Not just a bookstore, not quite a library, more than a restaurant or bar: what exactly is the Beijing Bookworm? Its motto, “Eat, Drink, Read,” offers a straightforward set of principles, but even a quick stop by this legendary institution makes clear that it’s more than just a place to — in either sense — get lit. The Bookworm buzzes with intellectual energy, attracting novelists, academics, foreign correspondents, and book lovers of all stripes who come by to meet friends or hear a talk by a scholar passing through. It’s the center, or one of the centers, of English-language cultural life in China’s capital, and throughout the year, its lectures, concerts, and children’s story hours draw expats and locals alike.
Without a doubt, the highlight of all this activity is the annual Bookworm Literary Festival, which this March wrapped up its twelfth year. Every spring, speakers come from around the world to talk about literature, politics, current affairs, technology, business, art, and anything else people write books about. Highlights from this edition included Kai-Fu Lee on AI, Leta Hong-Fincher on gender equality, and Helen Zia on Shanghai on the eve of the Communist revolution. Spittoon, a literary collective, organized a series of sessions on Chinese literature, featuring poets and fiction writers reading excerpts of their work while their translators discussed the challenges of bringing the texts into English.
The Bookworm first opened its doors in 2005, but its origins go back a few years further, to a sort of informal lending library that Alexandra Pearson, a British woman living in Beijing, slowly amassed as departing friends from abroad gave her the books they couldn’t ship home. Pearson also organized talks by experts on various topics at Le Petit Gourmand, the French restaurant she helped run in Sanlitun, Beijing’s embassy and nightlife district. But when her library outgrew her apartment, and the restaurant had to close to make way for the Taikoo Li mall, some of her friends suggested she give her titles a permanent home — a place for eating, drinking, reading, and above all for talking about anything and everything related to China.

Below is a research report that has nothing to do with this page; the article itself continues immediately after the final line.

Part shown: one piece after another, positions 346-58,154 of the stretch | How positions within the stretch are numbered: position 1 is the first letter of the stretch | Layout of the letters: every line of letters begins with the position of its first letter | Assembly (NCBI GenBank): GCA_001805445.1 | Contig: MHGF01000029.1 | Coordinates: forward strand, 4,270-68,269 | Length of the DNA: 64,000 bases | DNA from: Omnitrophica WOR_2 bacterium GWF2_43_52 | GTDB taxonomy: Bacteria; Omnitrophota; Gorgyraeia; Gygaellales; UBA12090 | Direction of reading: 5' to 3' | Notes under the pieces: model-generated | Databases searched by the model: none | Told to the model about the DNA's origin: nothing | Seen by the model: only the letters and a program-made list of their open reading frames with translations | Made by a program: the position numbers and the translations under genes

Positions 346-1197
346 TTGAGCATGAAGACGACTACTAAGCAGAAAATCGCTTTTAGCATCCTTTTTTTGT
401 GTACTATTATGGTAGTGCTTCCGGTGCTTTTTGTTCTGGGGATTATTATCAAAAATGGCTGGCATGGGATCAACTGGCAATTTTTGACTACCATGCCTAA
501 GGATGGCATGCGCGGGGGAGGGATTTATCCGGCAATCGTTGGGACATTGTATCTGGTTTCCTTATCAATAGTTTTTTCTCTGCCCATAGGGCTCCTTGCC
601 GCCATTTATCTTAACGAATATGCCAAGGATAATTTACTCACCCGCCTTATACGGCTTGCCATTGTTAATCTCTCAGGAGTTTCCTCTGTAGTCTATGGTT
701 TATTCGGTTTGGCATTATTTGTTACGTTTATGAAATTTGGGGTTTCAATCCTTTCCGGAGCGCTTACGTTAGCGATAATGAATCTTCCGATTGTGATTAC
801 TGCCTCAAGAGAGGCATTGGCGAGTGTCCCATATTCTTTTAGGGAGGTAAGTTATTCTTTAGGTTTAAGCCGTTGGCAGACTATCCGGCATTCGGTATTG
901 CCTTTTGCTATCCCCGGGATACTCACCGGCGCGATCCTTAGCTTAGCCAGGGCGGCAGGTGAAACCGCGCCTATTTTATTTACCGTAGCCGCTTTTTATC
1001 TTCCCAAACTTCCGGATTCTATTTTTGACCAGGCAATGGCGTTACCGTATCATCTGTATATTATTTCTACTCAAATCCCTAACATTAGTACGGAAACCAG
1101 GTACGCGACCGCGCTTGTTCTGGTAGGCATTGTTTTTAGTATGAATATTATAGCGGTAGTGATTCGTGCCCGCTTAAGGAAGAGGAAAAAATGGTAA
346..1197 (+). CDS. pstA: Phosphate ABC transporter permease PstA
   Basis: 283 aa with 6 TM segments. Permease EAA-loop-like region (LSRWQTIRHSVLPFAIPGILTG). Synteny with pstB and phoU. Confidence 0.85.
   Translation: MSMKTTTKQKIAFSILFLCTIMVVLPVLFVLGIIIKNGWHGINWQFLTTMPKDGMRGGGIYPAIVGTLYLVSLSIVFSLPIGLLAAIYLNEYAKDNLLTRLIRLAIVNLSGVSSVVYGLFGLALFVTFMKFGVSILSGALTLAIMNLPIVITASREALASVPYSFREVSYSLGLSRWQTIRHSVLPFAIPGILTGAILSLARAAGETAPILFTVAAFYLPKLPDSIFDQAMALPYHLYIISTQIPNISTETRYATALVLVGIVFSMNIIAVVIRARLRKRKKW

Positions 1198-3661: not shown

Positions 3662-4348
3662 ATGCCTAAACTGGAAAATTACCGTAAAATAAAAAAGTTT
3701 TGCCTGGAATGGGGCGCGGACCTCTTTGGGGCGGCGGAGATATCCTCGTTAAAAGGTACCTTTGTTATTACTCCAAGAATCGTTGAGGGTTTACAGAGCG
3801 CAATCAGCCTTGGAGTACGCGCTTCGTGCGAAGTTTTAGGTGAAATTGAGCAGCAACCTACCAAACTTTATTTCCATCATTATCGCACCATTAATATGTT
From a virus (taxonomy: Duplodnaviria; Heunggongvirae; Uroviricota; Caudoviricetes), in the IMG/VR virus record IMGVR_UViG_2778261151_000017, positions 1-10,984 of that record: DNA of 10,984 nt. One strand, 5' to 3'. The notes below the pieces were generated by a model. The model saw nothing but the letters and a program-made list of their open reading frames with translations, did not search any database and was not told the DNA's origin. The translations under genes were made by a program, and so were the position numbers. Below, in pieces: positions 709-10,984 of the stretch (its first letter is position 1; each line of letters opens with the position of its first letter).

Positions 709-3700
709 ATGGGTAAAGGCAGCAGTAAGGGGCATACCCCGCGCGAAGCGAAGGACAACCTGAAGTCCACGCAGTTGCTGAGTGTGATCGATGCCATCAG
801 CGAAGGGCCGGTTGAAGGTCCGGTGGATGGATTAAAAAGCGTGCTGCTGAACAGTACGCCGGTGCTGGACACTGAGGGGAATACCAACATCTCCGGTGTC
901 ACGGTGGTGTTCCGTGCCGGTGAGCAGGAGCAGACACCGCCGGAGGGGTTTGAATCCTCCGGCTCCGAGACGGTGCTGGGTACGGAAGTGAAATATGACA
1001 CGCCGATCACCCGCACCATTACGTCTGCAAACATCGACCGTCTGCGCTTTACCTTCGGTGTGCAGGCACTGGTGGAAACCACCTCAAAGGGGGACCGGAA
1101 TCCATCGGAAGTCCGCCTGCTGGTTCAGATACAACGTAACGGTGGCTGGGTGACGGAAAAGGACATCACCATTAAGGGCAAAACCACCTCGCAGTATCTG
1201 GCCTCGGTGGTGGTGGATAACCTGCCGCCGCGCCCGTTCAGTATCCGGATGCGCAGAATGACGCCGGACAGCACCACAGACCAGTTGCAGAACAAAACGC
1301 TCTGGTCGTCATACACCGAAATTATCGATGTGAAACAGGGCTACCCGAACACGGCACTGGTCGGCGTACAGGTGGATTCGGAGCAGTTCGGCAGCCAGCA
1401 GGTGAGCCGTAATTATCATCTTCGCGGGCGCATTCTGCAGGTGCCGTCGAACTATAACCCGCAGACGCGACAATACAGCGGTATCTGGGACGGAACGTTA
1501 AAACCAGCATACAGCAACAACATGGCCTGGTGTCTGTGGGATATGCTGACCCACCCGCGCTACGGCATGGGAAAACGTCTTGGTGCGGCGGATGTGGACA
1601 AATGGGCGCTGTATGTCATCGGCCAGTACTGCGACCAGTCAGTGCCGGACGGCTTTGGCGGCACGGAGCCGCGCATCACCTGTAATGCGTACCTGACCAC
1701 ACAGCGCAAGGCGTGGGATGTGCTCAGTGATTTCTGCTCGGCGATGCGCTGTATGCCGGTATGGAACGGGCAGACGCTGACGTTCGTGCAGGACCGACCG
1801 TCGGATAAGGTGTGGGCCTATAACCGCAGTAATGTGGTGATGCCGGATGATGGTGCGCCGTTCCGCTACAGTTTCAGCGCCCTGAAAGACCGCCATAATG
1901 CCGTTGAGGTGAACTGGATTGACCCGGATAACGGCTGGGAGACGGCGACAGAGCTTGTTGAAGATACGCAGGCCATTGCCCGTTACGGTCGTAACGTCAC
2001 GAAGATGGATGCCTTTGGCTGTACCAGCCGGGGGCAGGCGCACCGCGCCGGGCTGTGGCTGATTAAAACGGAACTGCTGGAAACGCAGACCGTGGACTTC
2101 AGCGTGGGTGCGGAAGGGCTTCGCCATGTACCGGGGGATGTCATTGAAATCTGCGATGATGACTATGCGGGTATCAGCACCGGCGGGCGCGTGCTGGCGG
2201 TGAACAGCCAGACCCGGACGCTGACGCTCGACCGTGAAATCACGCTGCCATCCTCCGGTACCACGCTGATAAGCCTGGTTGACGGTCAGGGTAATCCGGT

That home, in a second-story space amid a clutch of international bars and restaurants in Sanlitun, consists of a café area with a full menu and eight beers on tap, an event space off to the side, and a small bookstore in the back, with a rooftop terrace up above overlooking the neighboring buildings. The walls are lined in books, but most of them aren’t for sale: the Bookworm still runs a library, with over 20,000 titles for a few hundred members. “A lot of storytellers, a lot of intellectuals, a lot of people who have a relationship to books, and to Beijing, come here looking for a place to call home,” says Karen Tong, who manages the Bookworm’s events. “It’s fun, it’s chill, and it’s a bit retro.” Pearson moved away several years ago, and now two of the other original investors, Peter Goff and David Cantalupo, run the space and the festival.
Since 2007, the Bookworm has put on a festival every year except one: in 2017 the sponsorship fell through, and the organizers decided to take a much-needed break. It fluctuates in size, and they chose to keep the 2019 edition manageable — and even so, it spanned two weeks. “The festival remains extremely influential and popular,” says Cantalupo. “We’ve never had a big corporate sponsor, so we’ve always run it on a shoestring.”
What’s surprising is how fearlessly the organizers take on sensitive topics, from state-sponsored sexism to telecom troubles to the trade war with the US. The speakers come from China and around the world, and they don’t pull any punches. All this makes the Bookworm and its festival something fragile and unique — a space for a vigorous exchange of ideas in a city (and a country) where open debate is regarded with suspicion.